On housebuilding, the Autumn Statement revealed:
- A new £1.4 billion fund to build 40,000 new affordable homes;
- A £2.3 billion Housing Infrastructure Fund to support the construction of up to 100,000 new homes in high-demand areas;
- Relaxed restrictions on how existing affordable housing funding can be used;
- A taper to Universal Credit rates;
- A regional roll out of the Voluntary Right to Buy scheme.
Perhaps the most encouraging takeaway from today’s Autumn Statement, other than the fact Chancellor Phillip Hammond promised there will never be another one, are hints that he may actually have consulted with the housebuilding industry.
First, he acknowledged the stopper a lack of housing puts on the nation’s productivity. That, he said, is what makes easing the housing crisis so urgent. He has also cottoned on to the vital link between housing and infrastructure. If only he had abolished stamp duty, he would have become the rarest of beasts: a politician who actually listens.
As ever, the devil will be in the detail – or hopefully a White Paper due out later this year – however this year’s Autumn Statement offered plenty of cheer to keep housebuilders going through the winter.
WHAT THE INDUSTRY IS SAYING ABOUT…
£1.4 billion to build 40,000 new affordable homes
“The extra investment to support the building of 40,000 new affordable homes and the greater flexibility in funding for housing providers to build homes of all tenures, both of which we had asked for, are particularly welcome,” said Terrie Alafat CBE, chief executive of the Chartered Institute of Housing.
“It is important that the fund can quickly translate into unlocking land through purchases,” said Henry Smith, CEO, Aitch Group. “Unfortunately it is sometimes so difficult to access these funds, that by the time they are available, the opportunity is missed. Hopefully this announcement will help create new homes for a generation that desperately needs them.”
£2.3 billion Housing Infrastructure Fund
“The main pledge today – a £2.3bn fund for 100,000 new homes in high demand areas – is relatively substantial, but even smarter is the focus on infrastructure spending in ways and places that support new development,” said Property Frontiers CEO Ray Withers.
Sarah McMonagle, Director of External Affairs at the FMB, said, “As council budgets have been stripped back, local authorities have increasingly looked to developers, including even the very smallest developers, to plug these funding gaps. Heavy demands for Section 106 and Community Infrastructure Levy can make many small developments unviable. Key to the Fund’s success will be to ensure that it focuses on unlocking large numbers of small sites and not just small numbers of large sites.”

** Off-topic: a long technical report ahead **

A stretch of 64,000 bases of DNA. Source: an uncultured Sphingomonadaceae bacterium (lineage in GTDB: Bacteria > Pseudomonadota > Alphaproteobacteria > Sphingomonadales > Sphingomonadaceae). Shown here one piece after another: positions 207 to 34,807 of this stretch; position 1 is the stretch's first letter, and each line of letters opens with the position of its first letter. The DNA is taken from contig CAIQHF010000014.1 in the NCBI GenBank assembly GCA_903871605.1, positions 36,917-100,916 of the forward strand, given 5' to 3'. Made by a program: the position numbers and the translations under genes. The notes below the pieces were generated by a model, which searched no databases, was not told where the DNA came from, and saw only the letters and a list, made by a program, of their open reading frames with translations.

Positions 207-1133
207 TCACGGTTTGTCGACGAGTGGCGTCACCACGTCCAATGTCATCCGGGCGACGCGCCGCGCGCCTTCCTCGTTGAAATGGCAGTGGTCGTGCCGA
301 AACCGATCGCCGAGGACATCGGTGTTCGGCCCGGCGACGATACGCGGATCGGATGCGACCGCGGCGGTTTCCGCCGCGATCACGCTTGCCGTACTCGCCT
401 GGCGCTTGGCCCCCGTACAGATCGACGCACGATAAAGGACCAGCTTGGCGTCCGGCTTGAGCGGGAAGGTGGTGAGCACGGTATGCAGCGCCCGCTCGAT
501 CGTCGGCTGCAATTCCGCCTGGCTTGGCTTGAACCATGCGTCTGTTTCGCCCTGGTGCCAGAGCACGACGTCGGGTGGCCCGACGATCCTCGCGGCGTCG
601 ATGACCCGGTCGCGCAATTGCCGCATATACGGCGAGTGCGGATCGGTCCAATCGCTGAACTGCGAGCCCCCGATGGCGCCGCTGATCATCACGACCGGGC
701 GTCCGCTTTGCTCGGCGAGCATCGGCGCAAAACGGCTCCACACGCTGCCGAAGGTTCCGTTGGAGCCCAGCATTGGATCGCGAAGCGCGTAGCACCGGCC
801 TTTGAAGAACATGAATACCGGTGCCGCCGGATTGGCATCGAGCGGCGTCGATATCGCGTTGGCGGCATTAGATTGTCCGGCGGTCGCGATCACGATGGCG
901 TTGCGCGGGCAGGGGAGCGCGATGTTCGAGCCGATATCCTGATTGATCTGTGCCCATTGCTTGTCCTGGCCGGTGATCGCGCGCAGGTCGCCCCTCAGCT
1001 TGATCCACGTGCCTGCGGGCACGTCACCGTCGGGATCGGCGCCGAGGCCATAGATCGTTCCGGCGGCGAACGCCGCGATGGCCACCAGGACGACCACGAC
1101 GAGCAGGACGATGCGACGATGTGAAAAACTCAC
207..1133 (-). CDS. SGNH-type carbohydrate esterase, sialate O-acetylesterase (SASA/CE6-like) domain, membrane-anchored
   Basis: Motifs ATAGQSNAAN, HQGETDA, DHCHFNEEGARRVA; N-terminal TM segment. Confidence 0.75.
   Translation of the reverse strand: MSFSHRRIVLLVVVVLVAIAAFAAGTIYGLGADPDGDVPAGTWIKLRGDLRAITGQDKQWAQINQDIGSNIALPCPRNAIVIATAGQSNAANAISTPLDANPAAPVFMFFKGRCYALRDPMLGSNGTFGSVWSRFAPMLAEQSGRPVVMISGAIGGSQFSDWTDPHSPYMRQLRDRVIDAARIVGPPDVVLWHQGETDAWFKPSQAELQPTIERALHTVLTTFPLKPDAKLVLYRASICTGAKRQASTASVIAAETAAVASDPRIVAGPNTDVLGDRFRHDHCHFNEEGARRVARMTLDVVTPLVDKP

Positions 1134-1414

Relaxed restrictions on how existing affordable housing funding can be used
“We have been calling on the Government to relax restrictions on existing affordable housing funding, so we are delighted with this announcement,” said David Orr, Chief Executive at the National Housing Federation. “Increased flexibility and extra investment will give housing associations the freedom and confidence to build even more affordable homes, including for rent, more quickly across the country.”
“Opening up right-to-buy for Housing Association tenants certainly has potential and it is sensible that this is being trialled by pilot,” said Jeremy Blackburn, Head of UK Policy (RICS). “However, we must ensure that mechanisms for replacing all sold stock are thoroughly tested in order to protect our most vulnerable.”
“While £1.4 billion of new funding for 40,000 new affordable homes is welcome, the Chancellor is giving with one hand and taking with the other,” said Louisa Brodie, Head of Search & Acquisitions at Banda Property. “It makes little sense to leave stamp duty rates disproportionately high which directly impacts the supply of affordable homes, particularly in London. The market is at a standstill and housebuilders are nervous. Fewer schemes are going ahead, which is reducing the number of affordable homes being delivered by the private sector through Section 106 agreements.
“Discouraging the buying and selling of property in London benefits no-one, least of all those in need of affordable homes. The Chancellor has missed a huge opportunity to reverse the mistakes made by his predecessor and oil the engine of the London property market by reforming prohibitive stamp duty charges.”